So, when Anonymous pats him or herself on the back for being a subservient worker and touts the “take it or leave it” views of too many bosses, s/he reveals the central weakness of a management model that believes employees are better seen, not heard. This is a recipe for failure; a guarantee that dinosaur thinking won’t survive the brutal needs of innovation and industrial r/evolution. For Anonymous, part-time teachers should’ve known better. Unequal pay for unequal labor is somehow their fault. Now having determined the fatal strategies of colleges/universities as detrimental to their basic economic needs, the basic missions of their institutions, and the basic local/regional/national expectations of learners (professional, technical, and academic), it is time to fold up the tent and change professions.
Worse yet, anyone sounding the alarm must just want the attention. Anyone speaking clearly to problems and offering solutions must not really want to teach, they must want to cause problems for students and other faculty and administrators. Not at all. Like my mother, a model for the BEST America USED to be (e.g., hard-working, innovative, resilient or fiesty if you prefer, intelligent, efficient, even-tempered, and good-natured), the discussion of how we define work in higher education is precisely about applying to our classrooms and working conditions the missions and expectations of our departments, divisions, schools, and universities.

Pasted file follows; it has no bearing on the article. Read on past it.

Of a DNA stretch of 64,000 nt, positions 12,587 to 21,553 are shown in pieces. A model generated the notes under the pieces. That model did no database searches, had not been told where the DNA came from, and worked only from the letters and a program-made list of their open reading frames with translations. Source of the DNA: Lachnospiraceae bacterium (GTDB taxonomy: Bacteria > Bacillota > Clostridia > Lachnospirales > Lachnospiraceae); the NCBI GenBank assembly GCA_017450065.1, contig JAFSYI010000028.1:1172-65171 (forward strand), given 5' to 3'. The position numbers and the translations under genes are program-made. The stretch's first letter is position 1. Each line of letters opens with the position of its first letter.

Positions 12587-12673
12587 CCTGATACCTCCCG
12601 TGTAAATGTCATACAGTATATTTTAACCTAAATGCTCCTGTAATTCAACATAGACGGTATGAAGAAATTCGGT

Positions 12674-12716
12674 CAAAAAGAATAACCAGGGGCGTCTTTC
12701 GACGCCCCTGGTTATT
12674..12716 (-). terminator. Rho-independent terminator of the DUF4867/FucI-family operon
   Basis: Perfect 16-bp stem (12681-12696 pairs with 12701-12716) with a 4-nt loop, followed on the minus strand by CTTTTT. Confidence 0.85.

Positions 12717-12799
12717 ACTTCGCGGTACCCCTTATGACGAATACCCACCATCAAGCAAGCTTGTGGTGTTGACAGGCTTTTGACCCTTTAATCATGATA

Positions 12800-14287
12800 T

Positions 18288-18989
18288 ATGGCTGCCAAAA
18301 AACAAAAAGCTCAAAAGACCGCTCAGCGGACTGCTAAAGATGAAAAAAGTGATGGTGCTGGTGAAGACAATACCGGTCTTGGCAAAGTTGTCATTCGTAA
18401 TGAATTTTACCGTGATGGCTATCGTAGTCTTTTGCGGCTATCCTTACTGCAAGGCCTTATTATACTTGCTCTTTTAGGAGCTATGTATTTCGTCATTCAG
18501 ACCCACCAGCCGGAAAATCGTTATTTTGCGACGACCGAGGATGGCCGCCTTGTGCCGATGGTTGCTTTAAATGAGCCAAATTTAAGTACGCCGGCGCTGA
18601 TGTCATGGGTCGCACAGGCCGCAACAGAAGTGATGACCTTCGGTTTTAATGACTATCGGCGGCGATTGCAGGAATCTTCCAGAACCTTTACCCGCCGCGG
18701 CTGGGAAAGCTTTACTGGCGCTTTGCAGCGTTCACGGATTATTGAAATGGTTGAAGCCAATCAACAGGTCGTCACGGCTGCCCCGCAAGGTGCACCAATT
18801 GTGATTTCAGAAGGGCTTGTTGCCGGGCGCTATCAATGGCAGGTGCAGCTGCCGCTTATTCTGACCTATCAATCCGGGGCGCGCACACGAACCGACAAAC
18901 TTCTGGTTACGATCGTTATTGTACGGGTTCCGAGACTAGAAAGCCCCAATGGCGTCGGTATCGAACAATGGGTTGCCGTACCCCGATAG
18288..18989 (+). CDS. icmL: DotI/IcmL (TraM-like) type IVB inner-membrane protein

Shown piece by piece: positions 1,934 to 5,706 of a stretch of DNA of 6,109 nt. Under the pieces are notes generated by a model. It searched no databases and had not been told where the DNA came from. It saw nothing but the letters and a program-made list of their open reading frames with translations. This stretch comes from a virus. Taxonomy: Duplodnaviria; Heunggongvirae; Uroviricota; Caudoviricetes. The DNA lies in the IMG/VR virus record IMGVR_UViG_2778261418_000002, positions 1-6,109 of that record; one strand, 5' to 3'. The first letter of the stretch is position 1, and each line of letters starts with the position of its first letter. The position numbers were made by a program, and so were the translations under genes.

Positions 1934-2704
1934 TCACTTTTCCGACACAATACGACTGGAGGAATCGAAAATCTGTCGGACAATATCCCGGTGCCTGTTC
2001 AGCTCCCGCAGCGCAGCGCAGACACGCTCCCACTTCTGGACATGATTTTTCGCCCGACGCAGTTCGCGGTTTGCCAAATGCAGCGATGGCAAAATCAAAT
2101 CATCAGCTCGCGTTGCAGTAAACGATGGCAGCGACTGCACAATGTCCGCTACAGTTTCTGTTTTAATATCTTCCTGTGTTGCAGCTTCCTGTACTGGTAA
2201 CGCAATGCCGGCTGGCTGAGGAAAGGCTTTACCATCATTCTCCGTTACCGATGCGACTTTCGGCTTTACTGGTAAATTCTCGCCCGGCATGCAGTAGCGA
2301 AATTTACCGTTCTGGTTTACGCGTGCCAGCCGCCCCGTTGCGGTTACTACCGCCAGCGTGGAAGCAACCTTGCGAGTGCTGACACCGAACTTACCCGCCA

Let’s end this needless rhetoric of “bootstraps” and “boots.” Our task right now is to work together to improve higher education; paying teachers (the 70% of adjuncts who run these institutions). Our students demand it, industry expects it, and our professions have a rich and successful history of evolving (sometimes with the speed of an iceberg). Saying that professionals should simply “take it” rather than improving the quality of instruction fails to address how, in fact, we can best compensate teachers and speak directly to this moment of looming (like it’s not already here) austerity.
I wonder how the cab company Anonymous discusses fared in the Great Recession. I wonder how any business that does not listen to or respect its employees ever moves beyond the “bottom line” and into economic justice for all, prosperity for those who help grow a business, and better services to the customer.
The time is now; the struggle continues. (August Wilson, 1945-2005)
 On December 10, 2012 at 2:11 PM anonymous adjunct said
I once worked in the 1970s driving a car for a car service, where I had a profane, cigar-chomping boss who nevertheless gave me one piece of good advice:
“If you don’t want to be a fucking doormat, don’t lie down in front of the fucking door.”
I also believe similar troll-level criticism can be found across the Chronicle of Higher Education comment/discussion forum. I’m looking into it now, but I believe anonymous adjunct was a regular contributor to that unfortunately divisive battle over social services, fair pay, and the changes professors need to evaluate, especially in the Liberal Arts.